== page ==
An Indiana man who was headed to the Los Angeles Pride Festival with assault weapons and materials that could make explosives was slammed with multiple felonies on Tuesday.
James Howell, 20, was charged with felony counts for unlawful possession of an assault weapon, possession of a destructive device on a public street and importing large magazine. He was also charged with a misdemeanor count of carrying a loaded firearm in a vehicle, according to the Los Angeles County District Attorney's office.
Prosecutors were seeking to have his bail set at $2 million. The FBI had searched Howell's home in Clark County, Indiana, a spokesperson told local news station KTLA.
Howell was arrested early Sunday morning, just hours after the attack that killed 49 people at a gay nightclub in Orlando, Florida. In his car, Santa Monica police found three assault weapons, high-capacity magazines and ammunition, and a 5-gallon bucket containing material that could be used to make explosives.
Police were unclear what Howell intended to do with the weapons, and stressed that there was no apparent connection to the killings at the Pulse nightclub in Orlando. Los Angeles Mayor Eric Garcetti also emphasized that fact Sunday at the start of the pride parade in West Hollywood.
Santa Monica Police Chief Jacqueline Seabrooks tweeted Sunday that Howell told an officer that he intended to harm people at the gay pride event. However, at a press conference later that afternoon, police clarified that Howell revealed no intention other than to go to the festival. A Santa Monica police officer attributed the confusion to a "misquote."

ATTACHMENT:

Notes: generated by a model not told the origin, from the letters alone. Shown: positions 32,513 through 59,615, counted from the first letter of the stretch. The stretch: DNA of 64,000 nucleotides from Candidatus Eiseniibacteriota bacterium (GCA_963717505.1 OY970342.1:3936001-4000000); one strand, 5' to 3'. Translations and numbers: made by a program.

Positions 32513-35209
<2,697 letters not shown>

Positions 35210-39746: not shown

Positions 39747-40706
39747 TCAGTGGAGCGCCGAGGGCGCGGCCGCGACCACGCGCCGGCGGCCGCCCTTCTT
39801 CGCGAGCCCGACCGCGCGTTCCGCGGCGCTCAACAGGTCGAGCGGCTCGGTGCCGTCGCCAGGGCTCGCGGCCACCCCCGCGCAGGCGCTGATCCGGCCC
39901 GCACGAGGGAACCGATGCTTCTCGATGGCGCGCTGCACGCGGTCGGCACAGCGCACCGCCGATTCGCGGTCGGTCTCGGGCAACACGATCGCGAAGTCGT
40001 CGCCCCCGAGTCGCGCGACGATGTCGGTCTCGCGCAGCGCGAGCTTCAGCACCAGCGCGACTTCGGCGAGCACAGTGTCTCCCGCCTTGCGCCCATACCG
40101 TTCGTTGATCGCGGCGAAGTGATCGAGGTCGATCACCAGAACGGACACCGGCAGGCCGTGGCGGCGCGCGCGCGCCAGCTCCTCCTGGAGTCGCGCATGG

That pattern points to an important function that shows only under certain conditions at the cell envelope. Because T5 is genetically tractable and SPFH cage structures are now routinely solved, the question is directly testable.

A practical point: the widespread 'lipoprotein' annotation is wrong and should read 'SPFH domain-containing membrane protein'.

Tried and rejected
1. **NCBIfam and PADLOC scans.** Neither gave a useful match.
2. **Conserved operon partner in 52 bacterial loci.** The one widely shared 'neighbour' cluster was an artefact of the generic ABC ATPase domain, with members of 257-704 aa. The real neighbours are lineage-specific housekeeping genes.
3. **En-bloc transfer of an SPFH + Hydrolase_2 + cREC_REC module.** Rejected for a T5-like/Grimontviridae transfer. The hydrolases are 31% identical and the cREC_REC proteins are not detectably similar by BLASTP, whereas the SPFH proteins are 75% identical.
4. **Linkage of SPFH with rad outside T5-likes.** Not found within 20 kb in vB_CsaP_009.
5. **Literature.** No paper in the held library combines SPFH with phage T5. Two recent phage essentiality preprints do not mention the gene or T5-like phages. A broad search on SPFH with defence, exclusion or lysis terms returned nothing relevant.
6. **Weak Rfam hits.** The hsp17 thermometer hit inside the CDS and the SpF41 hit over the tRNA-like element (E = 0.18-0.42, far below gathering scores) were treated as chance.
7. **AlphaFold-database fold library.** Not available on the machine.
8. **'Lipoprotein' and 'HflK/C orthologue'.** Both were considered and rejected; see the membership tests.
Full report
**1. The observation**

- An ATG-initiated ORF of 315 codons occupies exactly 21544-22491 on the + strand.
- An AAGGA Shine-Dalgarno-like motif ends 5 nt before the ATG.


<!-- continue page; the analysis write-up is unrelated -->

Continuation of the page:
Santa Monica police received a call at 4:59 a.m. local time about a possible prowler who was knocking on a resident’s door. Responding officers encountered Howell, who told them he was waiting for a friend.
Upon searching his white Acura, officers found the weapons along with tannerite -- a chemical that can be used to make an explosive -- in a bucket.
Santa Monica police Detective Derek Leone wrote in court documents that "the amount of explosives in the container would have [posed] a grave danger to both persons and property had the explosives been detonated, either intentionally or accidentally, in a public space,” KTLA reported. The ammunition found in the car could have detonated the material, Leon wrote.
In 2015, Howell was charged with two felonies after he allegedly pointed a gun at his neighbors in Charlestown, Indiana.
The parade in West Hollywood took place Sunday with heightened security.